Azorean Capotes

Azorean capotes: they exist. Here, we can see one looming over Chelsea at the New Bedford Whaling Museum.

Allow me to expand.


The strange capote-e-capelo. A large cape that covered a woman’s figure, allowing only a glimpse of her face, the origin of the capote-e-capelo is controversial, Some say that it came from Flanders and others state that it is an adaptation of mantles and cowls that were fashionable in Portugal in the 17th and 18th centuries. In any case, for centuries the capote-e-capelo was a typically Azorean woman’s garment. Varying from island to island in the cut of the cape and the arrangement of the cowl, which in Faial had the extravagant shape of a wedge resting on the shoulders and which jutted out in front for over a palm, the common characteristic of the capote-e-capelo was that it was made of a strong, heavy electric-blue cloth that lasted for generations and was handed down from mothers to daughters. The women of the Azores stopped wearing the capote-e-capelo about 1930-40.

6 thoughts on “Azorean Capotes

  1. I studied Costume History and never heard of these ! They are utterly brilliant, amazing, fascinating and … pretty scary !!!
    Thank you so much for sharing such a unique find !
    x x x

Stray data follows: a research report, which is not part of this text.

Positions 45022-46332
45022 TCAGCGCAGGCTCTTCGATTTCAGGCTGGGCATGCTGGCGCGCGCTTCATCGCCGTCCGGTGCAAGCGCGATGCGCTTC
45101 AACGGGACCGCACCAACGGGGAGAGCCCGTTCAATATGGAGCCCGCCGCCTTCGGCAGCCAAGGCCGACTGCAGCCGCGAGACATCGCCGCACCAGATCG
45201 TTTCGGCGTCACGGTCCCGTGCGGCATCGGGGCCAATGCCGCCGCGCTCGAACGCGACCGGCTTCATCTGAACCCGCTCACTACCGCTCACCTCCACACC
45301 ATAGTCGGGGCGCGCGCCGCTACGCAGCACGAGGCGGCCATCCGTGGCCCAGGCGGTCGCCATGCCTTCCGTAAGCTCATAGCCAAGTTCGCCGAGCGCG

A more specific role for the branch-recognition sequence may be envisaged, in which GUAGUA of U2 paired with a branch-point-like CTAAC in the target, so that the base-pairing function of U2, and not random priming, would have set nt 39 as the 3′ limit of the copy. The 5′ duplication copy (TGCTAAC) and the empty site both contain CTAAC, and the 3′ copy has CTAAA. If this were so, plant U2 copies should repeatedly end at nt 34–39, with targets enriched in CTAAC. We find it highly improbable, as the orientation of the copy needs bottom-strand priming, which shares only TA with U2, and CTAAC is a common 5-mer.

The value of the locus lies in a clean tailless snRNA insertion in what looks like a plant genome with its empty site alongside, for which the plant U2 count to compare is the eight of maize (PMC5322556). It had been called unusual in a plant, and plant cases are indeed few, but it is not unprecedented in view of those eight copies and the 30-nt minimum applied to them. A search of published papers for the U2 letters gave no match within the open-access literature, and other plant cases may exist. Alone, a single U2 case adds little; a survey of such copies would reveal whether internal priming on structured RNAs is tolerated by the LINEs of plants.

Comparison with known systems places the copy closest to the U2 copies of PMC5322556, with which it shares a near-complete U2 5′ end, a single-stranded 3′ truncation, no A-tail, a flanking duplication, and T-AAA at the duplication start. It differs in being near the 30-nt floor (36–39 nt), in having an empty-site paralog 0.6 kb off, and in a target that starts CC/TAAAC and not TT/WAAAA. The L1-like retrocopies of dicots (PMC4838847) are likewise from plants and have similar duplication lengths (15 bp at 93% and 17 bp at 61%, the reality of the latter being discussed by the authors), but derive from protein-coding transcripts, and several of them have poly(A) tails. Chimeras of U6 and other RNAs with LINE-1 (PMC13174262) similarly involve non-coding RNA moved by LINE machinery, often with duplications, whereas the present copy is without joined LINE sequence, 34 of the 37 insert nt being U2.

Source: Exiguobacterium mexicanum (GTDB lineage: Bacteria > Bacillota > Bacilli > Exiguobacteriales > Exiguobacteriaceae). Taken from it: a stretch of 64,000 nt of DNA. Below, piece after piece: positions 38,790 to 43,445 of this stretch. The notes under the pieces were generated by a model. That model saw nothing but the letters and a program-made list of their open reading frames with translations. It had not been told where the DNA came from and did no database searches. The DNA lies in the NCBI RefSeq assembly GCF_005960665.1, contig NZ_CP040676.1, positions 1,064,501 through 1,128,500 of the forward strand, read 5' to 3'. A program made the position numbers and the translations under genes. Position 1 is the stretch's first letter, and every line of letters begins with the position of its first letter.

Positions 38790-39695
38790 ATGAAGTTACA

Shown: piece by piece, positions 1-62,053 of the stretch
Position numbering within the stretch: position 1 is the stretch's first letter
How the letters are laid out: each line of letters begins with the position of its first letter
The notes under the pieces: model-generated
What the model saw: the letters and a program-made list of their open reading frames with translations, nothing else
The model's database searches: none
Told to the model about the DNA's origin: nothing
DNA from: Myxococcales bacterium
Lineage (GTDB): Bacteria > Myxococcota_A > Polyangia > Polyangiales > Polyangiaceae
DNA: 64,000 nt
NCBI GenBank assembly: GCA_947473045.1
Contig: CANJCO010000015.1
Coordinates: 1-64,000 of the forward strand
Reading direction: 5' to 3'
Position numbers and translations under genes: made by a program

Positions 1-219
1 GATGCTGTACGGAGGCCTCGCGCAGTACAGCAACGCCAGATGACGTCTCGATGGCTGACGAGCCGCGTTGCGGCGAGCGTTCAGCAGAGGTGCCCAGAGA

2. Hans Gerald Hoedl says:

    there is a description of the Azorean capote in chapter VI of Mark Twain’s “The innocents Abroad”; i have just read it and started searching the internet for a picture; thx for posting these here

    • Hans Gerald Hoedl says:

      sorry, it is in chapter V

      • Hans Gerald Hoedl says:

        „Here and there in the doorways we saw women with fashionable Portuguese hoods on. This hood is of thick blue cloth, attached to a cloak of the same stuff, and is a marvel of ugliness. It stands up high, and spreads abroad, and is unfathomably deep. It fits like a circus tent, and a woman‘s head is hidden away in it like the man’s who prompts the singers from his tin shed in the stage of an opera [….] a woman can’t go within eight points of the wind with one of them on; she has to go before the wind or not at all.“ (Mark Twain, The Innocents Abroad, Chapter V).

      • With Care says:

        Wow. I’ve seen some capotes before in person and yes, that is a very *very* accurate description! They are unearthly looking. Glad to be able to help you with some photos.

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